School of Mathematics, Statistics & Computer Science

Miss Nomfundo Mlambo with Deputy Vice-Chancellor: Research, Professor Deresh Ramjugernath.

Scholarship Boosts Self Confidence of Student

Receiving a Frene Ginwala Scholarship gave Computer Science and Information Technology first-year student Ms Nomfundo Mlambo belief in her abilities and confidence in herself generally.

The Frene Ginwala Scholarship – named after Frene Ginwala, the first Chancellor of the University and former speaker of Parliament – is awarded to top performing Black African women entering UKZN as new undergraduates.

Mlambo said the award also relieved financial pressure on her parents, who support her and her three sisters.

Mlambo attended Empangeni High School, matriculating with an impressive average of 87%. Despite her sterling results, she says the process of applying to universities and finding scholarships was daunting.

She was accepted at several universities for various programmes, including for Medicine in the Western Cape, but chose UKZN because of its fine reputation and the fact it is close to home.

‘I’ve developed a slow brewed respect and deep passion to succeed, which drew me to UKZN.’

Adapting study methods and coping mechanisms in high school to university standards was a challenge, but Mlambo took it one step at a time. She also took advantage of various programmes and support offered by UKZN, such as the Supplemental Instruction programme and sessions with her School’s Academic Development Officer (ADO) to hone her approach to her workload.

Mlambo, who describes herself as creative and someone who loves helping people, chose to study Computer Science and IT in the face of the looming fourth industrial revolution, saying she thought it important to seize the opportunity to prepare for the new horizons.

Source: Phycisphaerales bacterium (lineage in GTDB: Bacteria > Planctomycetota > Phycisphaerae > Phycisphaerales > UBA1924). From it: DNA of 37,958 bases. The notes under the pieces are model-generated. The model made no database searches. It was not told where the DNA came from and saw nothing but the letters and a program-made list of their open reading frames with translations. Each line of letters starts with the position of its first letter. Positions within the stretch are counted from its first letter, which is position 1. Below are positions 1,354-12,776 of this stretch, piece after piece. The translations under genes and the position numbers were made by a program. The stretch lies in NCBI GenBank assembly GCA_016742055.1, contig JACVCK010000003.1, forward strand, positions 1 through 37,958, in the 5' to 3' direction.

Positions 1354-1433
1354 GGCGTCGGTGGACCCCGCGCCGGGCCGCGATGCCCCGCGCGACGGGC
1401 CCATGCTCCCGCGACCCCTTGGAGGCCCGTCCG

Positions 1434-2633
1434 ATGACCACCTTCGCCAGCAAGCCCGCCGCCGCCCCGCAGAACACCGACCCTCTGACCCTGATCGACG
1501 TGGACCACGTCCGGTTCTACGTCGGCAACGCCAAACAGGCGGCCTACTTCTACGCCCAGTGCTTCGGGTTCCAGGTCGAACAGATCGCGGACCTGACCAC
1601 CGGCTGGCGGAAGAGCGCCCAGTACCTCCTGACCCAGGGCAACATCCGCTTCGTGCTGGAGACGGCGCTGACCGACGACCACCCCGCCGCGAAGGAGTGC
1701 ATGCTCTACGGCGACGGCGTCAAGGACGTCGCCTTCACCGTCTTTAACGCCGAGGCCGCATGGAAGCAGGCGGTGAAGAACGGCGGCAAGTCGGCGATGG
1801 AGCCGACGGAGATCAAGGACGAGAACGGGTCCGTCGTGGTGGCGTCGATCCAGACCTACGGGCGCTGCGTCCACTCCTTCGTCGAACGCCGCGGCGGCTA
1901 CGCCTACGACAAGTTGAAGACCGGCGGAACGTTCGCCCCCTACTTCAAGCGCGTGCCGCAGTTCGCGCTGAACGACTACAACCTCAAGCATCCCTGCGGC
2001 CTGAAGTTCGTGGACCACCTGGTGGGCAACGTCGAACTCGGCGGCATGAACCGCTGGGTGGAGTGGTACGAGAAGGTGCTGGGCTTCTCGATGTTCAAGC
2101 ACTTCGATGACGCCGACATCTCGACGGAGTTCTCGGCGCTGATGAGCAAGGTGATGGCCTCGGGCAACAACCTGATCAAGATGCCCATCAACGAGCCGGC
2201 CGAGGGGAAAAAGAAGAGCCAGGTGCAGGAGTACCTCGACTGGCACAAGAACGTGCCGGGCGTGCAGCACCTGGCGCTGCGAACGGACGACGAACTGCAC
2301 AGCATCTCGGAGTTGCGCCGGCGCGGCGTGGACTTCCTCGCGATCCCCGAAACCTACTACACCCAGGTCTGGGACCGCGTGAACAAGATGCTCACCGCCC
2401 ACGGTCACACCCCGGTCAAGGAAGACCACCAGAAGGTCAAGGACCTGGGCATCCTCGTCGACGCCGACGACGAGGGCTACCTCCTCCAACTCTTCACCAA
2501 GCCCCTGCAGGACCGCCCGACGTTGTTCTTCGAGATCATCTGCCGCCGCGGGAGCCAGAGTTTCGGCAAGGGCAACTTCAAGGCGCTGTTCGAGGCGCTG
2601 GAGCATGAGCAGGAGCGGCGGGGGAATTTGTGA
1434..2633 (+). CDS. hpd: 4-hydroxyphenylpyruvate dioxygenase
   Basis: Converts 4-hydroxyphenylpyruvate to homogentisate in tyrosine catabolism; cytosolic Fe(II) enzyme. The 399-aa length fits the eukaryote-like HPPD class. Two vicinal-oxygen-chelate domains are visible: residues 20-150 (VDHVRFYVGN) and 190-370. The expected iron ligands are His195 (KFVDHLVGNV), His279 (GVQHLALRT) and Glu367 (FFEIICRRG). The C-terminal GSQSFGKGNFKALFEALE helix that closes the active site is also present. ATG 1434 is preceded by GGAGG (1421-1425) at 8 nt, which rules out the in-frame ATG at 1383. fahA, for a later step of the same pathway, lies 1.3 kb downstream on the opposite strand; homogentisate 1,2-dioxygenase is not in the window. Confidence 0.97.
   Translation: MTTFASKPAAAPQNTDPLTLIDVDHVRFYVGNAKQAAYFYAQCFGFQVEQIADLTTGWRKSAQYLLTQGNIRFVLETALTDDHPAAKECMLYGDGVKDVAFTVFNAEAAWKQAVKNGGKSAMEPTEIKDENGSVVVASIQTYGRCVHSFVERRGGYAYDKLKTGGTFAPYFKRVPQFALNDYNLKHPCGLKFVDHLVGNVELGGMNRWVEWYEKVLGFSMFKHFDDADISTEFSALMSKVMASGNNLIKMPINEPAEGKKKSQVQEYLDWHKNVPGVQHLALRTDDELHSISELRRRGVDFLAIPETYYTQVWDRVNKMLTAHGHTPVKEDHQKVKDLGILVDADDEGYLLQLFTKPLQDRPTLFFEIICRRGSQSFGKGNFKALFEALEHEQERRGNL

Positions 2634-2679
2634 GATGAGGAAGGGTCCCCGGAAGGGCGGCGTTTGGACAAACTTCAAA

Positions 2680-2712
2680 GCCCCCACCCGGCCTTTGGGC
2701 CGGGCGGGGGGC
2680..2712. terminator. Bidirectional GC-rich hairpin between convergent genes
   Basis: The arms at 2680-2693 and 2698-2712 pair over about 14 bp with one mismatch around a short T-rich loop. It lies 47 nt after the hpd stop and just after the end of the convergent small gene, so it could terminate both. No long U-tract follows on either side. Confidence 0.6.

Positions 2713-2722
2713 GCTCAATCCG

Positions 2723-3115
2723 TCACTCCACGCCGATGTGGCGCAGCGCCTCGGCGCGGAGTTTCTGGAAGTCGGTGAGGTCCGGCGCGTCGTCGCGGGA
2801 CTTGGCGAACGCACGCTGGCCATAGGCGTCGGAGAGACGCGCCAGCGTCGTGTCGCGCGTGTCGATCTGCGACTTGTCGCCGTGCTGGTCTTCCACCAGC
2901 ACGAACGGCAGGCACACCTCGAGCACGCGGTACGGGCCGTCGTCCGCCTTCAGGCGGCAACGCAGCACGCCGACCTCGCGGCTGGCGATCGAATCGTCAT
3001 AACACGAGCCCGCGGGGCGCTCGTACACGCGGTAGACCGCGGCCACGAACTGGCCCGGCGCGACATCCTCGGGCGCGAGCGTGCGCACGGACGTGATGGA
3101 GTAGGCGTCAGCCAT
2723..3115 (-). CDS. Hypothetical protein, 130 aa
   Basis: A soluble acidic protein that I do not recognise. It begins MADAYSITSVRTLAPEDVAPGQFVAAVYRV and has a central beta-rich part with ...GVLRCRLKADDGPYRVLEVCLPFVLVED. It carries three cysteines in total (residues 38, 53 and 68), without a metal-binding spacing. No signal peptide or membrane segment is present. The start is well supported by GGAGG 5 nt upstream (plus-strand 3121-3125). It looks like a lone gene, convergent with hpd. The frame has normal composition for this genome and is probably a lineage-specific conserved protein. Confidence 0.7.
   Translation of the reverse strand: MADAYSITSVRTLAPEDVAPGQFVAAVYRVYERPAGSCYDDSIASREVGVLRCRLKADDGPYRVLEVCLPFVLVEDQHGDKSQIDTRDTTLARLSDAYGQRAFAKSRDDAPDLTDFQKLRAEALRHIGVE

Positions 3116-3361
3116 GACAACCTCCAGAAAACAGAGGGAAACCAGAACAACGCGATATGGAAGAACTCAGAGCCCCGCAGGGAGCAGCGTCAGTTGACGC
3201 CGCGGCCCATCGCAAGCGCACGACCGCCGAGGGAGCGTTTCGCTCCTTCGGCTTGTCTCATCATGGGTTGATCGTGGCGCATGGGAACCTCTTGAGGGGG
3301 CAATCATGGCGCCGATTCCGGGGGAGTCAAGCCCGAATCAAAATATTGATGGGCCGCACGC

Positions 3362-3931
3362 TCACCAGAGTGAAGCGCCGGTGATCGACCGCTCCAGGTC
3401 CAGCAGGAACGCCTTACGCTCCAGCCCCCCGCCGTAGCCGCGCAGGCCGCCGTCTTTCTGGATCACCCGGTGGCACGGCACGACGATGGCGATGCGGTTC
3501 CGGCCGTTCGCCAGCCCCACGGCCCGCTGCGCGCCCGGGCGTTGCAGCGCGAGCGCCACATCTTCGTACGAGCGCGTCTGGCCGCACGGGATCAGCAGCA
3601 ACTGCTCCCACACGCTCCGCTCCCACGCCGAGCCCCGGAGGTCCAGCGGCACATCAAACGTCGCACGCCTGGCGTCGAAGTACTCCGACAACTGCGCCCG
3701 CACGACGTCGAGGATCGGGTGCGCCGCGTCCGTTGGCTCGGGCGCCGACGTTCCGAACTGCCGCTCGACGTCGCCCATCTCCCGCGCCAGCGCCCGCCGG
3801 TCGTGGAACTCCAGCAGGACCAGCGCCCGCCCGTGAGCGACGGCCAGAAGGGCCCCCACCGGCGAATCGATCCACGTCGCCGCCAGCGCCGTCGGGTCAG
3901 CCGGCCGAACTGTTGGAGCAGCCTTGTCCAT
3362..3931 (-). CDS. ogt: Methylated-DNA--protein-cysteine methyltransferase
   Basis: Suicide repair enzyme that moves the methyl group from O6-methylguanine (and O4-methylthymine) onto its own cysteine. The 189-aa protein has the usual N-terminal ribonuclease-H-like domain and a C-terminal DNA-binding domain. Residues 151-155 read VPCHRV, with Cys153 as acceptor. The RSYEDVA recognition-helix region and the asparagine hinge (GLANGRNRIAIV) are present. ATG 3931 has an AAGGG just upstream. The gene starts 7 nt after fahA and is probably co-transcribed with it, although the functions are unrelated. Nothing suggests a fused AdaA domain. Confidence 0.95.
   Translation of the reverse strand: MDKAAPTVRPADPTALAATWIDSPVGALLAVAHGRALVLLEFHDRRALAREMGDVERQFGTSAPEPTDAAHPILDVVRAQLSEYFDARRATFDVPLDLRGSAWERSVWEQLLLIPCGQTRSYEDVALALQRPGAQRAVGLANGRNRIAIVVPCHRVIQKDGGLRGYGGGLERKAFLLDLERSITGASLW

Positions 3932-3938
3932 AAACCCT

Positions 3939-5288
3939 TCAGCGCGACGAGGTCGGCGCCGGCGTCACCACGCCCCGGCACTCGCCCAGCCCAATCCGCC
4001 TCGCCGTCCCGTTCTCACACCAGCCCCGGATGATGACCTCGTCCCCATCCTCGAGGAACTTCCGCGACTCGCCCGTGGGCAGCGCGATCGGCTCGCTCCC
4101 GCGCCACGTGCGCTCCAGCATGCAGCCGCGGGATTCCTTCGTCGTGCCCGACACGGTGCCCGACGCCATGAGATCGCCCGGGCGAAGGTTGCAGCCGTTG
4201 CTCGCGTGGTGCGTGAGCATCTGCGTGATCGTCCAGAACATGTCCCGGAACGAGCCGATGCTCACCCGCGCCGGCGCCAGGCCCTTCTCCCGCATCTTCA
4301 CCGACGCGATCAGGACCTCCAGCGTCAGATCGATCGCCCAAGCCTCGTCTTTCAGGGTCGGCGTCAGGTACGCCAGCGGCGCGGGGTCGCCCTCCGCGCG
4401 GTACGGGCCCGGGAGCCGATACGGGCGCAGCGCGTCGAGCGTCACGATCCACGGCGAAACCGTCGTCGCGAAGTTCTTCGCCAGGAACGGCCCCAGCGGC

Mlambo credited her educators at Empangeni High for helping her triumph in the challenging National Senior Certificate exams, while it was thanks to a respected teacher who introduced the skill of coding in her Grade 10 year that Mlambo developed an affinity for it.

‘IT provides something no other discipline does: the freedom to uncover a million solutions for one problem, allowing creativity and the ability to fuse whatever you do with any other field,’ she said.

In addition to her studies, Mlambo plays netball at UKZN, enters coding competitions where her team has excelled, and has also taken up a part-time job at a media company. She uses a diary to prioritise her goals and takes time out to read and relax to combat anxiety.

Mlambo says she is motivated by a desire to make her family proud.

She thanked her high school principal, Mr Sizwe Zwane, for his guidance and support, and her family, particularly her mother, for their care and encouragement. She also thanked the ADO in the School of Mathematics, Statistics and Computer Science for his assistance.

After completing her degree, Mlambo plans to continue to postgraduate studies, and access opportunities to travel and learn from global IT leaders.

Words: Christine Cuénod

Photograph: Rajesh Jantilal